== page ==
Agile. DevOps. Scrum. All these words are quite popular these days among IT enterprises, especially development and operation teams, who have to work in collaboration with each other. This ‘No profile- driven’ methodology is finding a lot of success and adoption, especially when most of the enthusiasm and thought leadership appears to come from the Operations side. It’s because they are the client-facing people, always in touch with end-users. But why and how this is important for developers?
Benjamin Wootton has written a short, but striking, article about why DevOps matters to developers.
Developers can too contribute a lot just like the operation teams, especially by opening up the communication paths and adopting Operations-like skills and mindsets. This will lead to communicating, knowledge sharing, and collaborating, increasing the quality of the systems that they build and operate. But what else DevOps adoption can do, or simply, why they heck it matters? Here’s the answer:
First, it increases the focus on production. When developers will extend their role only from delivering the code to deliver a product or a feature or a system that is in production and that people are reliably using and gaining business benefit from. It’s because DevOps oriented development teams have a focus on value and their user base – basically the operational focus on production and delivery which leads to much more net value being created for the business.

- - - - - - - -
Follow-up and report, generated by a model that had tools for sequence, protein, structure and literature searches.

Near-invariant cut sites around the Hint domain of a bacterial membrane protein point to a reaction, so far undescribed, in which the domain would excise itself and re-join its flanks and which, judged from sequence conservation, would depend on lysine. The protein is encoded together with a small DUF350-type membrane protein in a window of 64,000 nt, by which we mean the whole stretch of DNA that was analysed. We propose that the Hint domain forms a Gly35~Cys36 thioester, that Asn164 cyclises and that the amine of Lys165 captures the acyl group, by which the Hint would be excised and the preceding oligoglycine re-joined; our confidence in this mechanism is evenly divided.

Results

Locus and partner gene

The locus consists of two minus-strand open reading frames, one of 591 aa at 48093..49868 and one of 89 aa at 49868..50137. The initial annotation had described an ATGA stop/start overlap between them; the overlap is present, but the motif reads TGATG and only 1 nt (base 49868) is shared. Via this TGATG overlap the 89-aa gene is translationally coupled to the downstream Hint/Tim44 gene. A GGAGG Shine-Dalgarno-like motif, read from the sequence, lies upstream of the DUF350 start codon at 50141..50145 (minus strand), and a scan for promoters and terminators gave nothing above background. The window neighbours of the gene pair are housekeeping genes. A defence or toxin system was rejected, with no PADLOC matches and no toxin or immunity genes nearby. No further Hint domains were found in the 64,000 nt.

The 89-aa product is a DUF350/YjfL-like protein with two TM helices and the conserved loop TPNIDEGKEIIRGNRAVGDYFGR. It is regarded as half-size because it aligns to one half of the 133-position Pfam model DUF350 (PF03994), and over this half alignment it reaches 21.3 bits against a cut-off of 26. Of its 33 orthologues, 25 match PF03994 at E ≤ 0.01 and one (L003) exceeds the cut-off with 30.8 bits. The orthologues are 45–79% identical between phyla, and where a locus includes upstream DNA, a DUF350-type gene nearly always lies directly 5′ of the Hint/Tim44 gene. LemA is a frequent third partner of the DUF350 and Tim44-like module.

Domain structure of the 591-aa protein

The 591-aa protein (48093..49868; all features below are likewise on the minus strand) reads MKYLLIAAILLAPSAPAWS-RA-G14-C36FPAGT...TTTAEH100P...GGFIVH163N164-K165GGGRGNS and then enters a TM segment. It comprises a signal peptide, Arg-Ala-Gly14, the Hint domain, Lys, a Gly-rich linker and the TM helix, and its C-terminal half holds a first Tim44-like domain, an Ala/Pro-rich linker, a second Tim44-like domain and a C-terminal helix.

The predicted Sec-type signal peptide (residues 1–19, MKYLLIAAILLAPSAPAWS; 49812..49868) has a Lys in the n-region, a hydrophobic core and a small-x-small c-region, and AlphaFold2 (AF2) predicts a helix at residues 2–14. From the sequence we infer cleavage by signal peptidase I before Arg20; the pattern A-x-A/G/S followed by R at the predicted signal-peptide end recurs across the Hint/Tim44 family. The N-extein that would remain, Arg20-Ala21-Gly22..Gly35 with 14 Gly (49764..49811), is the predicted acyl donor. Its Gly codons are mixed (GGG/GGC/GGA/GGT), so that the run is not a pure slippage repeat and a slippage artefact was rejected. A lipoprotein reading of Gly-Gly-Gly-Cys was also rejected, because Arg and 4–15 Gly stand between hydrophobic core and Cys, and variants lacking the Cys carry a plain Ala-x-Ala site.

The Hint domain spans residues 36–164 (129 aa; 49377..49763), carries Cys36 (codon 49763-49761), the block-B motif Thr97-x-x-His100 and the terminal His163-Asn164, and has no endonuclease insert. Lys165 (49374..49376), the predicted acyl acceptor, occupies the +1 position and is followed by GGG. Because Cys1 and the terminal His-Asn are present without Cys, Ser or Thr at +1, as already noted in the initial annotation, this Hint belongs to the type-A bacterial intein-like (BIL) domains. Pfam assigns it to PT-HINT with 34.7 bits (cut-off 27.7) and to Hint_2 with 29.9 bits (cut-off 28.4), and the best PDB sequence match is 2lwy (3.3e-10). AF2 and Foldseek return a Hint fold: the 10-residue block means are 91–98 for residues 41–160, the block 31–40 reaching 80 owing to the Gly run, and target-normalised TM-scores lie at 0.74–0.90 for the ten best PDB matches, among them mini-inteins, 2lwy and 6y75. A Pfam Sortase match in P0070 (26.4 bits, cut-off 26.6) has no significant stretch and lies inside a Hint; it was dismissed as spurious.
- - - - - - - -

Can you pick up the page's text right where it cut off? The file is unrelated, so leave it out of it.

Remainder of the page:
Next, QA among the developer teams can ensure better code performance by having a stringent focus on code issues and those related to the general site reliability. Plus, by being more operationally aware of the production context that our code lives within, developers can also design and build better software. And this is possible only by increasing communication with operations teams will we developers learn about these concerns and incorporate them into our designs and every day coding decisions.
Most importantly, if we talk about the real benefit for developers (yes!), it improves their career prospects, helps develop own platforms and infrastructure, and manage modern infrastructure. In most of the software teams and hiring decisions, agile and DevOps is a desired thing. So, if you have knowledge, skills and experience to reliably deliver a working production system over the long haul, this is going to be a big advantage for you.
Be sure to catch the entire article at Wootton’s blog.